Today was hard. Sometimes we manage to buy food, but today we did not have any food. I only have a container of water. I was going to drink it and sleep,” said a homeless man moments after receiving a parcel. 

Jeanito Mashaba from Maputo has been living on the streets for five years. He works as a recycler. 

A man receives a blanket in Hillbrow. More then 300 blankets were handed out to the homeless in the inner city. (Photo: Shiraaz Mohamed)

“It’s not easy living on the streets; we are suffering,” he said. People are dying on the street. If you are not strong you are going to die from the cold.” 

A man named Charlie said, “It’s cold at night. Sometimes I cover myself with a plastic when it is very cold. To manage with the cold you have to pray.” 

A man in Hillbrow about to receive a loaf of bread, followed by tinned food, a blanket and a face mask. (Photo: Shiraaz Mohamed)

City of Joburg spokesperson Nthatisi Modingoane said, “The City of Joburg has been hit by a drastic increase in the number of people living and working on the streets for a number of reasons, such as substance abuse, dysfunctional families, poverty, peer pressure, job-seeking without a proper action plan and recently, Covid-19-related job losses.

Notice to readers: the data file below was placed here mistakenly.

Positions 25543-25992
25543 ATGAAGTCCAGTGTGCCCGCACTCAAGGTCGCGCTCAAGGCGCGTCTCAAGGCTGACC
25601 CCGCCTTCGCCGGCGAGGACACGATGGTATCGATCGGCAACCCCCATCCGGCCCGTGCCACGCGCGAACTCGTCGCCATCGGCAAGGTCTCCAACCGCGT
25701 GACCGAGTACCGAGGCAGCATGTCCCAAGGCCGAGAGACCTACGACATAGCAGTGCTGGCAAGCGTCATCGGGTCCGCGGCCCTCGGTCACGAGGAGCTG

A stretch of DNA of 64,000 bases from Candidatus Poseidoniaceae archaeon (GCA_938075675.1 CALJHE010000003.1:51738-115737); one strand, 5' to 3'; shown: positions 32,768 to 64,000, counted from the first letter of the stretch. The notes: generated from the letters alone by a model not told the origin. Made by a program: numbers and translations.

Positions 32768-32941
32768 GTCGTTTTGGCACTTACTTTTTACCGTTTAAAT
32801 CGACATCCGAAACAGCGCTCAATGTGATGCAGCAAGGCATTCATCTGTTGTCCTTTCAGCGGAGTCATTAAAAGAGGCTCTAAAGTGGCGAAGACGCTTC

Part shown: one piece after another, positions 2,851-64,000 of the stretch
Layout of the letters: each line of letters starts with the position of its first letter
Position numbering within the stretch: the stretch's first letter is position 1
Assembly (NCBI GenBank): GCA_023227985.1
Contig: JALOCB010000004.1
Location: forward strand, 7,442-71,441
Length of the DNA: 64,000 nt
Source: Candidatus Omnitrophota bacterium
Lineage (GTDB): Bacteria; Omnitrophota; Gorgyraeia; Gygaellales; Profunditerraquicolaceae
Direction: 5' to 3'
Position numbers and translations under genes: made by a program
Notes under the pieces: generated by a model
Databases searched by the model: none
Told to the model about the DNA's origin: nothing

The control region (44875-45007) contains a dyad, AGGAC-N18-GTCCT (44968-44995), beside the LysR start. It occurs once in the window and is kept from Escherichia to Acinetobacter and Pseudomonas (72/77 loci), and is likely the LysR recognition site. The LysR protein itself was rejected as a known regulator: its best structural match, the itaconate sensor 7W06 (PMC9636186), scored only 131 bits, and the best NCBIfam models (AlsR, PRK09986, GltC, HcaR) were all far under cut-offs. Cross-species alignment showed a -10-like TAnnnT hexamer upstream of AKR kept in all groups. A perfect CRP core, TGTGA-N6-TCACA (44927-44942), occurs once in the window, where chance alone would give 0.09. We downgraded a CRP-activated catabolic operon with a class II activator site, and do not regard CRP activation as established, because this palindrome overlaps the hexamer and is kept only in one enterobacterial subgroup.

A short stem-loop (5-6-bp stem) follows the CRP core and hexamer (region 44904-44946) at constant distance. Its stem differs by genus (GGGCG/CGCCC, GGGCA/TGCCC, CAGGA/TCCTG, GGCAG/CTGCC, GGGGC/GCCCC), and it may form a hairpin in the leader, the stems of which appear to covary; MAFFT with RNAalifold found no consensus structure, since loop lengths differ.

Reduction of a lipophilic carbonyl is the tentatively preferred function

“The city as a caring local government has long responded to the needs of people living and working on the streets as far back as 2008 when a unit within the Social Development Department was established with the core mandate of assisting and managing people living and working on the street.  

Homeless people stand in line waiting to receive a parcel comprised of a blanket, tinned food, a loaf of bread and a face mask. (Photo: Shiraaz Mohamed)